## Fixed point theorem in complete metric spaces

Definition. Let $(X,d)$ be a metric space. $X$ is said to be complete if every Cauchy sequence in $X$ is convergent.

Definition. A mapping $f: X \rightarrow X$ is called contractive if there exists $0\leq k < 1$ such that

$d(f(x), f(y)) \leq kd(x,y)$ for all $x, y\in X$.

Remark. If $f: X \rightarrow X$ is a contractive, then $f$ is continuous.

Definition. A point $x^* \in X$ is called a fixed point of $f: X\rightarrow X$ if $f(x^*) = x^*$.

Theorem. Assume that $(X,d)$ is a complete metric space, and $f: X\rightarrow X$ is contractive. Then $f$ has a unique fixed point.

Proof. Take any $x_0\in X$. For any $n\geq 1$, we let $x_n = f(x_{n-1})$. Use the assumption of $f$, we have

$d(x_2, x_1) = d(f(x_1), f(x_0)) \leq kd(x_1,x_0)$

$d(x_3,x_2) = d(f(x_2),f(x_1)) \leq kd(x_2,x_1)\leq k^2d(x_1,x_0)$

………. (similarly)

$d(x_{n+1},x_n)\leq k^n d(x_1,x_0)$.

Let $m. Using triangle inequality, we get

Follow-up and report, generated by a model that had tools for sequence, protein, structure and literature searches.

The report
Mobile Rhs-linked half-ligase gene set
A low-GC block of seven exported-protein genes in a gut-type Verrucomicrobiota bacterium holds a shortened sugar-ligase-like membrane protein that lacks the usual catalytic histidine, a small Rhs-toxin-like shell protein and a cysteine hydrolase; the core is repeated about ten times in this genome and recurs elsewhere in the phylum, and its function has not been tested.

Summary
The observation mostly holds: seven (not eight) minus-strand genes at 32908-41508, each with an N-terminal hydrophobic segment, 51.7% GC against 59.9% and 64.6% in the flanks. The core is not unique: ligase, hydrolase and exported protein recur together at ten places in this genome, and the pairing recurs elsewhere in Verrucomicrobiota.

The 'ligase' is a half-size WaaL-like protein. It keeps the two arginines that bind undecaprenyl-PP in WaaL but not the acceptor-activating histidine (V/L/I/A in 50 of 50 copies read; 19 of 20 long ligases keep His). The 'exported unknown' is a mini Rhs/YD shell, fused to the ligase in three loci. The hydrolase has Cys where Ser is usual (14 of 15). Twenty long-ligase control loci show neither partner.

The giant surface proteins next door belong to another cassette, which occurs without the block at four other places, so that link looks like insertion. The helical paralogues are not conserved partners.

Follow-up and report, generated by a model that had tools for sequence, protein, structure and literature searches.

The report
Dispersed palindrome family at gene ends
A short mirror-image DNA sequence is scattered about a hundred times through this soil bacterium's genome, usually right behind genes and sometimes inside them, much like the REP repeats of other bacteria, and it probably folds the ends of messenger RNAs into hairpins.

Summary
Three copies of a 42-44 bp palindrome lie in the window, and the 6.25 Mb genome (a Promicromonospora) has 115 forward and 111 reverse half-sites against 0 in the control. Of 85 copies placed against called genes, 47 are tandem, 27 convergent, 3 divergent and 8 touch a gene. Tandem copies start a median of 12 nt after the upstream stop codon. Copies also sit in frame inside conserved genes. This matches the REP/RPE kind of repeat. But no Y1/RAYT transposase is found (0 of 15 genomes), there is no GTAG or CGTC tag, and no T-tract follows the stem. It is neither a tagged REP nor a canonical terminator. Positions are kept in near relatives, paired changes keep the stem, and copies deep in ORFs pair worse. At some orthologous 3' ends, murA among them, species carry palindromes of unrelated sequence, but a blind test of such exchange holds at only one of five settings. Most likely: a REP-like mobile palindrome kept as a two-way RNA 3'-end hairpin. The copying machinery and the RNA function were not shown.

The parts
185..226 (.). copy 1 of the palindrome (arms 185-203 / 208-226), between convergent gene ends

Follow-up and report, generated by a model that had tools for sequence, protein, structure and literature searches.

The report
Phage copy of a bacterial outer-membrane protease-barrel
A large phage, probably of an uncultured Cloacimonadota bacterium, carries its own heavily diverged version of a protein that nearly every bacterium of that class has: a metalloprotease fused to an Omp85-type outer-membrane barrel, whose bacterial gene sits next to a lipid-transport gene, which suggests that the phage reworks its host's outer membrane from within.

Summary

$d(x_m,x_n) \leq d(x_m,x_{m+1}) + d(x_{m+1}, x_{m+2}) + \ldots + d(x_{n-1},x_n)$

$\leq (k^{m} + k^{m+1}+\ldots + k^{n-1})d(x_1,x_0)$

$\leq k^m(1+k+k^2+\ldots)d(x_1,x_0)$

$= k^m\dfrac{1}{1-k}d(x_1,x_0) \longrightarrow 0$

as $m\rightarrow +\infty$ since $k<1$.

This implies that $\{x_n\}_{n\geq 0}$ is a Cauchy sequence. Because $X$ is a complete metric space, we conclude that there exists $x^*$ such that $lim_{n\rightarrow \infty}x_n = x^*$.

We claim that $f(x^*) = x^*$. By the continuity of $f$ (see Remark), we find that $\lim_{n\rightarrow \infty}f(x_n) = f(x^*)$. Take any $\epsilon >0$. We choose $N$ such that

$d(x_n, x^*) < \epsilon, d(f(x_n),f(x^*)) <\epsilon$ for all $n>N$.

Now we have, keep in mind that $f(x_n) = x_{n+1}$,

$d(f(x^*), x^*) \leq d(f(x^*), f(x_n)) + d(x_{n+1}, x^*) < 2\epsilon$.

Since $\epsilon$ is arbitrary, we get $d(f(x^*), x^*) =$, thus $f(x^*) = x^*$.

For the uniqueness, we assume that $f(y) = y$ for some $y\in X$. Then

$d(x^*, y) = d(f(x^*), f(y)) \leq kd(x^*,y)$

Because $0\leq k<1$, we obtain $x^* = y$.